In the above procedure the quinoline used in the decarboxylation Step (3) is replaced by an equivalent amount of pyridine and triazine, respectively, and equivalent results are secured. Using the same procedure, the organic base is deleted and the temperature is increased to ca. 210°C and decarboxylation occurs in equivalent fashion.

EXAMPLE II

Preparation of Hesperetin Dihydrochalcone

Step 1. α-Cyano-3-hydroxy-4-methoxycinnamic acid.

A 1000 ml. 1-neck round bottom flask equipped with a mechanical stirrer, Y-adapter, Dean-Stark water separator, cold water condenser, and N2 inlet was charged with isovanillin (83.5 g.), tech. grade cyanoacetic acid (43.0 g.), ammonium acetate (5 g.) and benzene (500 ml.). The mixture was stirred and vigorously refluxed for 2.25 hours during which time nearly 10 ml. of water collected. An electrically heated oil bath (ca. 110°C) was used for heating. After cooling to room temperature the reaction product was separated by suction filtration, washed with benzene, and air dried to yield 113.5 g. (100%) of a granular, bright yellow solid. The crude product, which still contained a small amount of ammonium acetate was entirely suitable for direct reduction via sodium amalgam (below). After recrystallization from boiling water, the pure compound was obtained having a m.p. of 280°-282°C.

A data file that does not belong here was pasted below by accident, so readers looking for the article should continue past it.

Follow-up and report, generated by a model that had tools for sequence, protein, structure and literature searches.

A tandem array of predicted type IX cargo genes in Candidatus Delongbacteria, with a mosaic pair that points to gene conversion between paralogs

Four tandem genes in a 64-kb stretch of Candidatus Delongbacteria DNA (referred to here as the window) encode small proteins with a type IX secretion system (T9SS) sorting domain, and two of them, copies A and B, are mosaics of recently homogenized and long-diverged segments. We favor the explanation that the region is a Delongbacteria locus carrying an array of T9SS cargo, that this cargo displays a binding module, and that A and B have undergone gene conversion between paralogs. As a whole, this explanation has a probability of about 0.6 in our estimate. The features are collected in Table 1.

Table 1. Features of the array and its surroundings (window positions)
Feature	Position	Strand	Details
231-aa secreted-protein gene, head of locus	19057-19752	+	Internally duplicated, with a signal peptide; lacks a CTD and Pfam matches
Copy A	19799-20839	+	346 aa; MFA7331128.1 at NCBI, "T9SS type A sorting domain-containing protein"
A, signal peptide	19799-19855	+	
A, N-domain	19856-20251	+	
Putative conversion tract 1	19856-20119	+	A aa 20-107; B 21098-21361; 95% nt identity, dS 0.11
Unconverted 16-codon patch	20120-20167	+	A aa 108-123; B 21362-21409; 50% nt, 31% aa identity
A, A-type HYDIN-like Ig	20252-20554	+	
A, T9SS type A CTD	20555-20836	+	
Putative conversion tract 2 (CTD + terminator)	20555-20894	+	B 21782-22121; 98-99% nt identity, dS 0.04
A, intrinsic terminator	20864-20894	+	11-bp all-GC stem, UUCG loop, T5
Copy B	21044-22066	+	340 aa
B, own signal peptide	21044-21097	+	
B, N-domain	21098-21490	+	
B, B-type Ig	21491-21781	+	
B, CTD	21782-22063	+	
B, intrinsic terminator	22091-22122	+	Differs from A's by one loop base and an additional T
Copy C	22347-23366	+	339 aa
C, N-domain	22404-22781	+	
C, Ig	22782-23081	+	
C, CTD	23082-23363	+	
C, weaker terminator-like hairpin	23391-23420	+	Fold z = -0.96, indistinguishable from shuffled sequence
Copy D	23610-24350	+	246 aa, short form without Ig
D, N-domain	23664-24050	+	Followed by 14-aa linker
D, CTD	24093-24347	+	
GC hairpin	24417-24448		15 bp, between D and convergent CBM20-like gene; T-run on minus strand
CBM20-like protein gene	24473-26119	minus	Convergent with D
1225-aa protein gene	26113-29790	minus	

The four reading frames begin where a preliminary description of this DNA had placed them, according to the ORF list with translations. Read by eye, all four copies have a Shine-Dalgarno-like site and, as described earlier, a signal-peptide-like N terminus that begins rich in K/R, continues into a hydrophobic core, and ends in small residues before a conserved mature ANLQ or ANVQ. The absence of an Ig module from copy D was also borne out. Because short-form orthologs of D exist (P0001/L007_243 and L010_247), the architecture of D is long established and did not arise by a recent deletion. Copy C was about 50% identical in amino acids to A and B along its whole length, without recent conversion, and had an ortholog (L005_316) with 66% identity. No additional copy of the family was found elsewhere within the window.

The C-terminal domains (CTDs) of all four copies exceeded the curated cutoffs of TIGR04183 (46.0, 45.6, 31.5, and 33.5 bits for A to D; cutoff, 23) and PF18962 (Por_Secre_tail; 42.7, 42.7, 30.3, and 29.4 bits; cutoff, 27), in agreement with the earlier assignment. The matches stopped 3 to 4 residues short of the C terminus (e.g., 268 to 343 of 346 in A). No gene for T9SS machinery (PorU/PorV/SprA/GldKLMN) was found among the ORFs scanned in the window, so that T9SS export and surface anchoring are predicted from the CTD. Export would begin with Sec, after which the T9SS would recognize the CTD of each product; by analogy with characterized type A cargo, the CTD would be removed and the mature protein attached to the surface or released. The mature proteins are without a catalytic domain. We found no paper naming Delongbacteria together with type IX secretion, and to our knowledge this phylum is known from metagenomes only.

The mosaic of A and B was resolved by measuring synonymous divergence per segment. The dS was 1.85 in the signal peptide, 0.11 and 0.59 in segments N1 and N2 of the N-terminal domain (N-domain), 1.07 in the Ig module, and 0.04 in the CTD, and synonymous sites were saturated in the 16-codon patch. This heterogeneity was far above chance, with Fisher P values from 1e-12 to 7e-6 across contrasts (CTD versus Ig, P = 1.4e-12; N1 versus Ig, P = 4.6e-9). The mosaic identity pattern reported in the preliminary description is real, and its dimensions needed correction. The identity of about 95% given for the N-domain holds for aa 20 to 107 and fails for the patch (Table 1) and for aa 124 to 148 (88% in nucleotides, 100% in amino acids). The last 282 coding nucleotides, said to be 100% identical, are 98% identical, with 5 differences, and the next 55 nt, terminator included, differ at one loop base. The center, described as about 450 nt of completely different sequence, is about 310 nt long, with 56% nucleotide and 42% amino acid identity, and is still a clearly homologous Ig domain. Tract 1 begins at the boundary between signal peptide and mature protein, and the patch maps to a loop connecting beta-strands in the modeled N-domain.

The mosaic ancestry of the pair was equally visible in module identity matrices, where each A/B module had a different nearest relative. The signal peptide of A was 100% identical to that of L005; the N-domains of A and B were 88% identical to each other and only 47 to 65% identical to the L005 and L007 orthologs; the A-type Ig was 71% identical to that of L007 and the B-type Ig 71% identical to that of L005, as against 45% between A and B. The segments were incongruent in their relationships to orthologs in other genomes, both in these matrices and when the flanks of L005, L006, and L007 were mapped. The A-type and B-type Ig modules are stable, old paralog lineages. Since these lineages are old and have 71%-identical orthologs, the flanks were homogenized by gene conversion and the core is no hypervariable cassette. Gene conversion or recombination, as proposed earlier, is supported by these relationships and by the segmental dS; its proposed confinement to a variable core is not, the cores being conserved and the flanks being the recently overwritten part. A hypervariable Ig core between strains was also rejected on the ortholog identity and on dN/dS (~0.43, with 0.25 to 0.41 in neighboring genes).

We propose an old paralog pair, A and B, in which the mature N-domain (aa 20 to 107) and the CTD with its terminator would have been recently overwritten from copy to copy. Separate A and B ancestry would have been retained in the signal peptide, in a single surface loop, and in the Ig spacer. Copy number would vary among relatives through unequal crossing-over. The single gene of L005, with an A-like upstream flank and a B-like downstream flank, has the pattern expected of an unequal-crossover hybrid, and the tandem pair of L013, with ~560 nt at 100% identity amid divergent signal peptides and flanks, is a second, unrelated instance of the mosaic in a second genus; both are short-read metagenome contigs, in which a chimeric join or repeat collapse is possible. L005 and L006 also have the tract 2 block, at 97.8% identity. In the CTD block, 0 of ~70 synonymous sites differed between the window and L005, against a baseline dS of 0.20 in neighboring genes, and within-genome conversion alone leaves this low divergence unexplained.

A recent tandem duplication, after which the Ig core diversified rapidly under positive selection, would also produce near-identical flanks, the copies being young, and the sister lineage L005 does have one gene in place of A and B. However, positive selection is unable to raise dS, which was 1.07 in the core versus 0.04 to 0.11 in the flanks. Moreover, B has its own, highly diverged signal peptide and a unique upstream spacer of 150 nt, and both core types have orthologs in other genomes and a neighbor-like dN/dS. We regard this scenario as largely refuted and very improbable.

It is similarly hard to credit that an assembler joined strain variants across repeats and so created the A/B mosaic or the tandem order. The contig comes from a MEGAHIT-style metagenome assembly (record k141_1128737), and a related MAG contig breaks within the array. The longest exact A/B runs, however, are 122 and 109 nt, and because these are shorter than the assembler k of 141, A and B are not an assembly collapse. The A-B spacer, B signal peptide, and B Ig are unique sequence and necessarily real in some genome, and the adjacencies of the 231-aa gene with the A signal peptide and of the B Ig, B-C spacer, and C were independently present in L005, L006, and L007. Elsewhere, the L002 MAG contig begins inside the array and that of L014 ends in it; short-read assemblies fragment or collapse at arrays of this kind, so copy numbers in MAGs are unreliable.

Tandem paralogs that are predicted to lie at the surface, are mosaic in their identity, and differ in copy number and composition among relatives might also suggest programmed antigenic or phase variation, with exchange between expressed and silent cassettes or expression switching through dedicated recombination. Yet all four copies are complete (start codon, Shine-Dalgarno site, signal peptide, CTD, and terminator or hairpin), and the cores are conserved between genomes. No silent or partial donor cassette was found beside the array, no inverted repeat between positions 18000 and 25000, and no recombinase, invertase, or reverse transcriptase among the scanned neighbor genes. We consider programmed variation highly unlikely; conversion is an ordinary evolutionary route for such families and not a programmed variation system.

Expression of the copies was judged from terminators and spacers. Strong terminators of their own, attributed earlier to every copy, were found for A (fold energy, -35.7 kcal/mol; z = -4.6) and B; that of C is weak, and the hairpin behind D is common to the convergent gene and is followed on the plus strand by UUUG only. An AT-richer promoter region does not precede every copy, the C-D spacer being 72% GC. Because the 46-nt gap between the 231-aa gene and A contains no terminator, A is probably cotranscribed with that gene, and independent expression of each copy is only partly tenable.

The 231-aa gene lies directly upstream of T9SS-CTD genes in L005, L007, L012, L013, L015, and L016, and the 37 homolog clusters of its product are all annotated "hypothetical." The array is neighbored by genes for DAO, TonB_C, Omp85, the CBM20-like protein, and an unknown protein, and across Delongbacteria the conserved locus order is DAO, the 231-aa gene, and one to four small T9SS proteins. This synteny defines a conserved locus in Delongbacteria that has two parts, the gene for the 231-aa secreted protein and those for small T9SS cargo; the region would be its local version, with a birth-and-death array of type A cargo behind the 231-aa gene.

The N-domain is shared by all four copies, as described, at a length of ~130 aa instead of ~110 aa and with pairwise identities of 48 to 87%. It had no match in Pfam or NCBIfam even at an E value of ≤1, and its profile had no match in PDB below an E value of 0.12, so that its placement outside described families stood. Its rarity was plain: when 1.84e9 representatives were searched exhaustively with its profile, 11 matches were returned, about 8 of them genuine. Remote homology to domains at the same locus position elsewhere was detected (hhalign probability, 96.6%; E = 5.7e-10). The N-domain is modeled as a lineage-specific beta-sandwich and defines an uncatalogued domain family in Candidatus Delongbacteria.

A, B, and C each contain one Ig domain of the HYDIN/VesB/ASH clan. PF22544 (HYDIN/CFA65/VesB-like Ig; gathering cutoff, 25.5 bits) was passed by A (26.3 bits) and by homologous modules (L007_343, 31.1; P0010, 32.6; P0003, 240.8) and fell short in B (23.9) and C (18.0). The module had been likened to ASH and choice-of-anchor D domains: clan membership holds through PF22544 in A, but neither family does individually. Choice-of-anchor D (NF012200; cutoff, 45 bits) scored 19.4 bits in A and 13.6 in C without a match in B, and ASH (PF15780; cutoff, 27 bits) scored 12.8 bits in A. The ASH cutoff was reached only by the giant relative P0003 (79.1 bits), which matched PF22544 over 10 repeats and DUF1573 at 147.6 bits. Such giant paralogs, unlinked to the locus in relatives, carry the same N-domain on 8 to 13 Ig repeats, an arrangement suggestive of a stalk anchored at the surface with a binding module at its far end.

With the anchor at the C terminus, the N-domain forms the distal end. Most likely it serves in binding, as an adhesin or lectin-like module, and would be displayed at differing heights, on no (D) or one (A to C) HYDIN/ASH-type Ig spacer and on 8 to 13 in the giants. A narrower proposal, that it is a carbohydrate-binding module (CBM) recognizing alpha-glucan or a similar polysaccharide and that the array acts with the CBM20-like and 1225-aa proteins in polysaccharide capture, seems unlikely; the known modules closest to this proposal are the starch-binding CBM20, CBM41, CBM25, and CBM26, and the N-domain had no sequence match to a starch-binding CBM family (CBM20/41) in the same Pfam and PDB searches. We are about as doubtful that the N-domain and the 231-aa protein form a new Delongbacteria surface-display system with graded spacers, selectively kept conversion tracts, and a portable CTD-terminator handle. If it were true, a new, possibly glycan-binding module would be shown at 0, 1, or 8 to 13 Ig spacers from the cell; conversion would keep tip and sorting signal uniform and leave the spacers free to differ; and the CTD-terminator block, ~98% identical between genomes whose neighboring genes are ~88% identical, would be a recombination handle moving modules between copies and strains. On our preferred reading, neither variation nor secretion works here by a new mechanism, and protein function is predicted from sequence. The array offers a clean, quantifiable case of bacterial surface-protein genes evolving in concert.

Step 2. Sodium Amalgam Reduction.

A 500 ml. three-neck round bottom flask equipped with a mechanical stirrer was charged with 20 g. of crude α-cyano-3-hydroxy-4-methoxycinnamic acid (above) and 100 ml. of water. The slurry was stirred vigorously while 250 g. of freshly prepared 2.5% sodium amalgam was added. The amalgam was added in roughly 50 g. portions at five minute intervals while the reaction temperature was maintained at about 30°-40°C (water bath). As the reaction proceeded, the yellow solid dissolved and ultimately (.about.30 min.) a clear, nearly colorless solution was produced. After stirring 1 hour, the solution was decanted from the residue of Hg, cooled in an ice bath and acidified to pH 2 with 6N HCl. Extraction with diethyl ether, followed by brine washing, Na2 SO4 drying, and concentration of the ether solution yielded 20 g. of a clear brown oil which rapidly crystallized completely at room temperature. NMR analysis indicated that a quantitative yield of the desired dihydrocinnamic acid had been obtained. The product was of sufficient purity to be used in the decarboxylation step described below.